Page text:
Isabel Thomas and Daniel Egnéus's Moth, about the transformation of the peppered moth (Biston betularia), is endowed with such a sense of wonder, the evolution story is elevated almost to the realm of myth.
It all begins "with a little moth... waking up from a long winter's sleep." The moth flies away, joining other moths trying "not to get eaten." Most have "speckled, freckled wings," although there are a small number born with "wings as dark as charcoal." As the sun rises, the salt and pepper moths blend into the trees, but the charcoal ones stand out. Thomas's poetic yet pragmatic text asks, "Who was the best hidden? Who would survive?"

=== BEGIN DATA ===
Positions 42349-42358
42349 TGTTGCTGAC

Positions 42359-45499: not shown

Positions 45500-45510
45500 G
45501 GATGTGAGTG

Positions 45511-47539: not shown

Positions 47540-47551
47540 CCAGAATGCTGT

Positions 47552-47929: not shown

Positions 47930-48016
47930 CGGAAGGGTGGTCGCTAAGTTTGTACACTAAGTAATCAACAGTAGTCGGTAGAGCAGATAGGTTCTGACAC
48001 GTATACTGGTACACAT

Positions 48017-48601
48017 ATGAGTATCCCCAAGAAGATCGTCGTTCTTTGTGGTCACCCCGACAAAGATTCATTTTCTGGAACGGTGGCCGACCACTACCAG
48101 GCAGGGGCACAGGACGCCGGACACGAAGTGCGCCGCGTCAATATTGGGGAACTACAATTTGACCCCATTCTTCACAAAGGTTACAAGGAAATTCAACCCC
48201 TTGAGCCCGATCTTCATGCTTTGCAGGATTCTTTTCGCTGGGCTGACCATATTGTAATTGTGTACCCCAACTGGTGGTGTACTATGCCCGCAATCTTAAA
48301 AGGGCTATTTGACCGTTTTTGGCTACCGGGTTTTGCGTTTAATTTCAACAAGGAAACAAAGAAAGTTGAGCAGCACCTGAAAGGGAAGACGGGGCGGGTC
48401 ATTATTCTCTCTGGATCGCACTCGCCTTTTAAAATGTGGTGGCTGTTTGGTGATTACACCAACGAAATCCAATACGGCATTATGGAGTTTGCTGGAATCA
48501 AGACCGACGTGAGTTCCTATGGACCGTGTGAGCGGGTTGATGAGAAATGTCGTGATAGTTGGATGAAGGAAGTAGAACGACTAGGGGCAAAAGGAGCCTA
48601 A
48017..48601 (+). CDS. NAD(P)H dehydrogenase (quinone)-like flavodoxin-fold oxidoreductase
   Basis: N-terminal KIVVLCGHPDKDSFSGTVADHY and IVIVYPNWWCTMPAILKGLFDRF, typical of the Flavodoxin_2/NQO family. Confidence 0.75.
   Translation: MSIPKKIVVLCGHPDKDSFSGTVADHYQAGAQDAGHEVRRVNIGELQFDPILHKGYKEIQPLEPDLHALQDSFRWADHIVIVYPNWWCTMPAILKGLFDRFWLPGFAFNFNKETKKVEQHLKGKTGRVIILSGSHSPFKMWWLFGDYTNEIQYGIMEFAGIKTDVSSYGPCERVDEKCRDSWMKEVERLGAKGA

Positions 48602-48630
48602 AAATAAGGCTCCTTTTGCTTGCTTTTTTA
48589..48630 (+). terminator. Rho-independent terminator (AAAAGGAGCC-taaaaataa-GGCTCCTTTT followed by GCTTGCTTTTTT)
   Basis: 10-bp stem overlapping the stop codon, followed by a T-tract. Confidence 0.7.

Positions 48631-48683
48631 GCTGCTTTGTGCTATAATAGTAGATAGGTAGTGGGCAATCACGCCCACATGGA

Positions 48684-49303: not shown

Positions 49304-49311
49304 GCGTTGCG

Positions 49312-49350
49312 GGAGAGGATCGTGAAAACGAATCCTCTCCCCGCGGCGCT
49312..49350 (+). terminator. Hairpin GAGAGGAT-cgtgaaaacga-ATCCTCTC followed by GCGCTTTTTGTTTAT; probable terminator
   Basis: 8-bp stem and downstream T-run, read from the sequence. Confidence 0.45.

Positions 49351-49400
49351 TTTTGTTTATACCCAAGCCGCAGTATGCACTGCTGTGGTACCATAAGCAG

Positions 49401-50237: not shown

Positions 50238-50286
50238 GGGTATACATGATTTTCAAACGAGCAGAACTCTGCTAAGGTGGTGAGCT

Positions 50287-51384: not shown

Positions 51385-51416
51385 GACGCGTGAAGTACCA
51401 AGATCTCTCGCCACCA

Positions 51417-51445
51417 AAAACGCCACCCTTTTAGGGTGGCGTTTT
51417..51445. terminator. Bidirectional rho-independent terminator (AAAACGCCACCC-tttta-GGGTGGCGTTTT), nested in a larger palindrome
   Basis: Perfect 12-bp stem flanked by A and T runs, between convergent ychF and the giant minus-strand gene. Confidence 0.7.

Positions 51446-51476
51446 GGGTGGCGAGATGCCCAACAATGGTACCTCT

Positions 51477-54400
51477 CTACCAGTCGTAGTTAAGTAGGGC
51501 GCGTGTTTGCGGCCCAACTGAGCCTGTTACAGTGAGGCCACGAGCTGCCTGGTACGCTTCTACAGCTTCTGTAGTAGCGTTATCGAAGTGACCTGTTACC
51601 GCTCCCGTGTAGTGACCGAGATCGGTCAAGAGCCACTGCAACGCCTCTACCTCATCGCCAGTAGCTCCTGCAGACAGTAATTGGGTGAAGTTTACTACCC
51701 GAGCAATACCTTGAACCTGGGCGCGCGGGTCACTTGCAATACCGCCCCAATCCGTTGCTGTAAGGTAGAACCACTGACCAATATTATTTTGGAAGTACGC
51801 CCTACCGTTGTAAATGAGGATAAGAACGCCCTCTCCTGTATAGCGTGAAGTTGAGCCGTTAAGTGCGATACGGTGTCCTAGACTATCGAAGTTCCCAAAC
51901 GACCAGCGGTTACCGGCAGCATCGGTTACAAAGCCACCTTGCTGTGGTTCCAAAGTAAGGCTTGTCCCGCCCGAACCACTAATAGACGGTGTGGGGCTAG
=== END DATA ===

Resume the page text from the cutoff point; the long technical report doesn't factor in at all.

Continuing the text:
Egnéus's stunning visuals feel soft and organic, yet also intricate and precise. Creative use of color, light and shadow, in addition to intriguing textures and bold shapes, make each spread fascinating to behold. Moth is a deeply fulfilling look at the ups and downs of natural selection. --Lynn Becker, blogger and host of Book Talk, a monthly online discussion of children's books for SCBWI